Now as God by one act understands all things in His essence, so by one act He wills all things in His goodness. Hence, as in God to understand the cause is not the cause of His understanding the effect, for He understands the effect in the cause, so, in Him, to will an end is not the cause of His willing the means, yet He wills the ordering of the means to the end. Therefore, He wills this to be as means to that; but does not will this on account of that. (STh Ia, q. 19, a. 5, c)
Thus, it is of course true that God “at times” willed the Incarnation, but at the same time it is true that He at all times willed it as the the remedy to sin. Robinson quotes a text from S. Thomas in which he seems to be holding position 1.:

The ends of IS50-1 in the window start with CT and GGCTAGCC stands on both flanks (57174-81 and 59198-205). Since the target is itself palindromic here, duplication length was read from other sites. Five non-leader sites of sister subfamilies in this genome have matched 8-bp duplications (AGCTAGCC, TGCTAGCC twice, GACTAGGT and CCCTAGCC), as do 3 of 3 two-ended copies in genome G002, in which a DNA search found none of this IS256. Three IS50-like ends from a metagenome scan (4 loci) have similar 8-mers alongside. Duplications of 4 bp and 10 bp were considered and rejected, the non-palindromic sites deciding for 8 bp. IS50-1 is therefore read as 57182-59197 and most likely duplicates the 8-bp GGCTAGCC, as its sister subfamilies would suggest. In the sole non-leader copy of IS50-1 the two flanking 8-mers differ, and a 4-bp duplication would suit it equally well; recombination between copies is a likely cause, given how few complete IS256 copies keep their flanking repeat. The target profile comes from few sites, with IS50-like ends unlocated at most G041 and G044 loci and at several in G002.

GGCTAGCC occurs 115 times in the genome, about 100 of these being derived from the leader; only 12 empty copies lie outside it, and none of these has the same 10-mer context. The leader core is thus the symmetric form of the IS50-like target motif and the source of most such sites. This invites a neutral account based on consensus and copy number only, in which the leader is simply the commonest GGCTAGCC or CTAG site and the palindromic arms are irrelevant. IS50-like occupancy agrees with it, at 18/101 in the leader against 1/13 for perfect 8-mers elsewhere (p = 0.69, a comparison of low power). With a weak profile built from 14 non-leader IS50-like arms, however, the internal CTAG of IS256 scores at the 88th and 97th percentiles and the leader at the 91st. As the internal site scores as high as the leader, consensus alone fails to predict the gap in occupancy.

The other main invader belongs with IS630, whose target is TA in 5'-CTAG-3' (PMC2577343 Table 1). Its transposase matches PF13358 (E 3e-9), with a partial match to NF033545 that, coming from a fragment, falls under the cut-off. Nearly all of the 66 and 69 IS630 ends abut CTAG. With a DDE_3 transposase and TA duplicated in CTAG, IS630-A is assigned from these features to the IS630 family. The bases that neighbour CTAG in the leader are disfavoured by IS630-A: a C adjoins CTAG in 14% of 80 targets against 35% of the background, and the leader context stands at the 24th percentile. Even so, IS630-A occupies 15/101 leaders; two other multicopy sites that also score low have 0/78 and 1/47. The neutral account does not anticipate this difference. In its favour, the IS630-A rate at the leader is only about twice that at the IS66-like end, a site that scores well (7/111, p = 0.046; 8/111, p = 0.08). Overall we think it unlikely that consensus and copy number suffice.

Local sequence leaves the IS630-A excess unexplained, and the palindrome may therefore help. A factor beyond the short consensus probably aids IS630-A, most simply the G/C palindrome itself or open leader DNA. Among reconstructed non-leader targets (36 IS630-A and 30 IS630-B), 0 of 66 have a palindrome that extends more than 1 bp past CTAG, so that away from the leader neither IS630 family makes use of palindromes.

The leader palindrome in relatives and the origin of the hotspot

“Hence, since everywhere in the Sacred Scripture the sin of the first man is assigned as the reason of Incarnation, it is more in accordance with this to say that the work of Incarnation was ordained by God as a remedy for sin; so that, had sin not existed, Incarnation would not have been.” (STh IIIa, q. 1, art. 3, c)
But if one reads what S. Thomas says in context it is clear that he is not saying that God’s will is posterior to the Fall:
For such things as spring from God’s will, and beyond the creature’s due, can be made known to us only through being revealed in the Sacred Scripture, in which the Divine Will is made known to us. Hence, since everywhere in the Sacred Scripture the sin of the first man is assigned as the reason of Incarnation, it is more in accordance with this to say that the work of Incarnation was ordained by God as a remedy for sin; so that, had sin not existed, Incarnation would not have been. And yet the power of God is not limited to this; even had sin not existed, God could have become incarnate.